Starving Artists' Pinkosh gives energetic star turn
By Joseph T. Rozmiarek
Advertiser Drama Critic
"Starving Artists Theatre Company", also known as Mark Pinkosh and Godfrey Hamilton, is making a short return visit to Honolulu this week with a new play, written by Hamilton and performed by Pinkosh. The two men became partners here nearly 20 years ago and now divide their time between California and the British Isles. They've also sharpened their style, with Pinkosh being part inspiration, part instrument for Hamilton's writing.
'Don't Forget Me'
Starving Artists Theatre Company
7:30 tonight and 4 p.m. tomorrow
The Arts at Marks' Garage
$20, $18 and $15
The play runs a quick 75 minutes without intermission and promises a great deal in its opening scenes. But the script grabs at a stock conclusion without fully exploring all of its possibilities.
Angus is stranded in the desert somewhere outside Los Angeles, equally frustrated by a failed fuel pump and fascinated by the young mechanic who is repairing it. He's the stock image of the Hollywood deal-maker, barking obscenities into a cell phone, denigrating his subordinates and defiling normal conversation. Yet, he is attracted by Chip, who is starry-eyed in love with the romance of making movies.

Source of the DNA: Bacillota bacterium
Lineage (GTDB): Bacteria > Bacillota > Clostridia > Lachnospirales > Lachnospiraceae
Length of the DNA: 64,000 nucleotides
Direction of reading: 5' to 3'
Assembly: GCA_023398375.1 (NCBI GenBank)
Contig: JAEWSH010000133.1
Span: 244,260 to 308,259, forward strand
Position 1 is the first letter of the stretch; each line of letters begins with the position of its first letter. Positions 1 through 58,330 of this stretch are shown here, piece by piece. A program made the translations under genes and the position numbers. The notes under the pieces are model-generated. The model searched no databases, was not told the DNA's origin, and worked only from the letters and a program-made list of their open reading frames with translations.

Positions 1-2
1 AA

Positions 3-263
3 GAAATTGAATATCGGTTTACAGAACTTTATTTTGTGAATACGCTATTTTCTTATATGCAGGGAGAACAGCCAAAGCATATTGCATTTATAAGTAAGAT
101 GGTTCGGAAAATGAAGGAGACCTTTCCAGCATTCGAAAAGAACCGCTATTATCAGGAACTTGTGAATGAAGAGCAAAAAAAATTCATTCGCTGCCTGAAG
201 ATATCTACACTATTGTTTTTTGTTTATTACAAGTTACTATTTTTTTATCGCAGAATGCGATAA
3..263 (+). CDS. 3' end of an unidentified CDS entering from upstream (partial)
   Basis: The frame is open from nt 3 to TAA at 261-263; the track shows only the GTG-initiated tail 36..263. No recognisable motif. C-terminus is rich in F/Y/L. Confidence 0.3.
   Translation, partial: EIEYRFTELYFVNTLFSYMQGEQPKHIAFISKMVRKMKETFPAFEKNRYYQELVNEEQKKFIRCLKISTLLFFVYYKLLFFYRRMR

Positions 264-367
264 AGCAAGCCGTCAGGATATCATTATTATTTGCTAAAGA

During a brisk interrogation, Chip shows an awareness of movie history that belies his years and demonstrates his willingness to submit to Angus' appetite for young flesh. Angus leaves his business card and the rest is inevitable.
But when Chip does look him up in Hollywood, Angus becomes the one pursued. Chip turns out to be an empathic listener to Angus' personal dream to find the 1940s star who was his childhood inspiration. Angus is seduced and the two become lovers. But images fade fast in Hollywood, and soon after Angus finds the aging actress, Chip leaves him to continue sleeping his way up the ladder to stardom.
The attraction in "Don't Forget Me" comes not from the hackneyed plot, but from Pinkosh's quicksilver delivery, which for the most part entices us into forgetting that all three of the characters are blatant stereotypes.
It strikes us immediately that, while Pinkosh is no longer the precocious kid he was in 1983, the earnest energy is still going strong enough to convince us that each line is an innocent, spur-of-the-moment discovery. Words tumble out in torrents and the gasps for breath break sentences into mannered, but illuminating fragments.
We discover quickly that this is a play about Angus and that something unexpected is happening to him. For all his cynicism, Angus is falling in love. His hard edges fall off and although he, of all people, should know better he transforms into a nesting newlywed. At this point, however, the love story loses direction.
Maybe we're wrong to expect this play to be a retooling of "Sunset Boulevard" meets "All About Eve". But when the script slips into being a cliche-ridden and moralizing gay love story, it loses its humor and its initial punch.